HL Deb 25 February 1895 vol 30 cc1441-6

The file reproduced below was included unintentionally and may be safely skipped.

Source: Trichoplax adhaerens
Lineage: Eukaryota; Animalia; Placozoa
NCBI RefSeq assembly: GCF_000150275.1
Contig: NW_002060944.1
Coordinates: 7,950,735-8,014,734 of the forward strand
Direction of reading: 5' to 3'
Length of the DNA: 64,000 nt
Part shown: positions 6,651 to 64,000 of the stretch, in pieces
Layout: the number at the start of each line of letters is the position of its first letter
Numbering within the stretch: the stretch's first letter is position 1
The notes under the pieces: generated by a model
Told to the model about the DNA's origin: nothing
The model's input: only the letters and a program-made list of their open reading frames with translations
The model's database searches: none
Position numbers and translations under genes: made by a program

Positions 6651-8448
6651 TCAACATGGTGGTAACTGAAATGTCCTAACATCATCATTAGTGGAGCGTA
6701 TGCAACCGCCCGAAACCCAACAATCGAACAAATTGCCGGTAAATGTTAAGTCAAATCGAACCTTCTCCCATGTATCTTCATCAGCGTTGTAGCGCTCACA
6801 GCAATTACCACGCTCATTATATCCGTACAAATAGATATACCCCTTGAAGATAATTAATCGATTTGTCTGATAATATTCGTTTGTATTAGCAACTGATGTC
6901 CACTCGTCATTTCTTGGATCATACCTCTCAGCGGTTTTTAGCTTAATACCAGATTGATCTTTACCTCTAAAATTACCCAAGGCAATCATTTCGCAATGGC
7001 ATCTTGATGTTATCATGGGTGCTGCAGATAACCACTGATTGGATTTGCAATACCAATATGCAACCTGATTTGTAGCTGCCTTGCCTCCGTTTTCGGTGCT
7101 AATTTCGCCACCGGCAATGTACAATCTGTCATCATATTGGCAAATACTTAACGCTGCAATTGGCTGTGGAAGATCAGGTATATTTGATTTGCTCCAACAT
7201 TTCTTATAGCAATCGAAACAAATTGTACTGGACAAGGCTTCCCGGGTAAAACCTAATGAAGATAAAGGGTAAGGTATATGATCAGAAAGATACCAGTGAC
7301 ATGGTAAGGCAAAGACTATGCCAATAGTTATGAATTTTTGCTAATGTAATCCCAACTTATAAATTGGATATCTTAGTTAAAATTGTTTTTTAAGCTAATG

asked the First Lord of the Admiralty whether, having regard to his statement on Lord Ashbourne's Motion, that Mr. Charles Bourke, Chairman of the Irish Prisons Board, was removed from his office because the Government thought he was not the man to carry out certain changes which they thought desirable; and also to the fact that Mr. Bourke had been denied the power of testing in Court their contention that he was not the head of the Prisons Department; the Government would take care that he did not suffer injustice in pension by premature dismissal before attaining 65 years of age; and that, if necessary, for the purpose, Mr. Bourke's service before his appointment in 1868 be taken into account, or that he be afforded an opportunity of serving in some adequate capacity up to that age, or be afforded some other equivalent. He reminded their Lordships that Mr. Bourke's and a similar case were brought before them a fortnight ago and were discussed at considerable length. On that occasion not a single unofficial Peer defended the action of Her Majesty's Government, and he thought the impression was very general that, to say the least, a somewhat hard measure of justice had been meted out to a very deserving public servant. He had no intention of raising the discussion again, but he wished simply to ask the Government, having regard to all the circumstances of the case, and to the fact that no inefficiency or misconduct had been alleged against Mr. Bourke, whether they would find him an equivalent in another office, or in considering the pension to be granted to him would allow him some compensation for having been forced to retire before his time. There were two precedents for the first course, the first being the case of Sir Robert Hamilton. When Lord Salisbury's Government came into Office in 1886 they found Sir Robert Hamilton in the position of Under Secretary, and, presumably, owing to their belief that he was not the man to carry out certain desirable changes, they dispensed with his services; but they placed him in another important post as Governor of an Australian Colony, where he discharged his duties with ability and to the satisfaction of all. When the present Government succeeded to Office in 1892 Sir West Ridgeway occupied the same post. He was not a persona grata to the present Government, and was given an opportunity in the Isle of Man of exhibiting his very considerable administrative qualities. If it were not possible to provide for Mr. Bourke in the same way, he submitted an alternative to Her Majesty's Government. He had looked up the case of Sir Thomas Brady, which arose under the Order in Council of August 1890. He was 69 years of age, seven years older than Mr. Bourke, he had 45 years of service, and was consequently entitled to the maximum pension; but he was given a gratuity of £1,000. He believed that he was removed in precisely analogous circumstances. There was a third alternative he wished to submit, and that was that Mr. Bourke should be allowed to count his service as Secretary to the Chief Secretary from 1866 to 1868. There was a point which he believed was not brought before the House a fortnight ago, but he brought it forward now to show how efficiently Mr. Bourke had discharged his duties. In the year 1887 the total cost of the Prison Department in Ireland was £141,751. This last year it was £100,377, a diminution, as compared with 1877, of £41,374. On all these grounds, and seeing that Mr. Bourke had not been removed in consequence of any charge of misconduct or inefficiency, he submitted to the Government that they should give favourable consideration to his claims.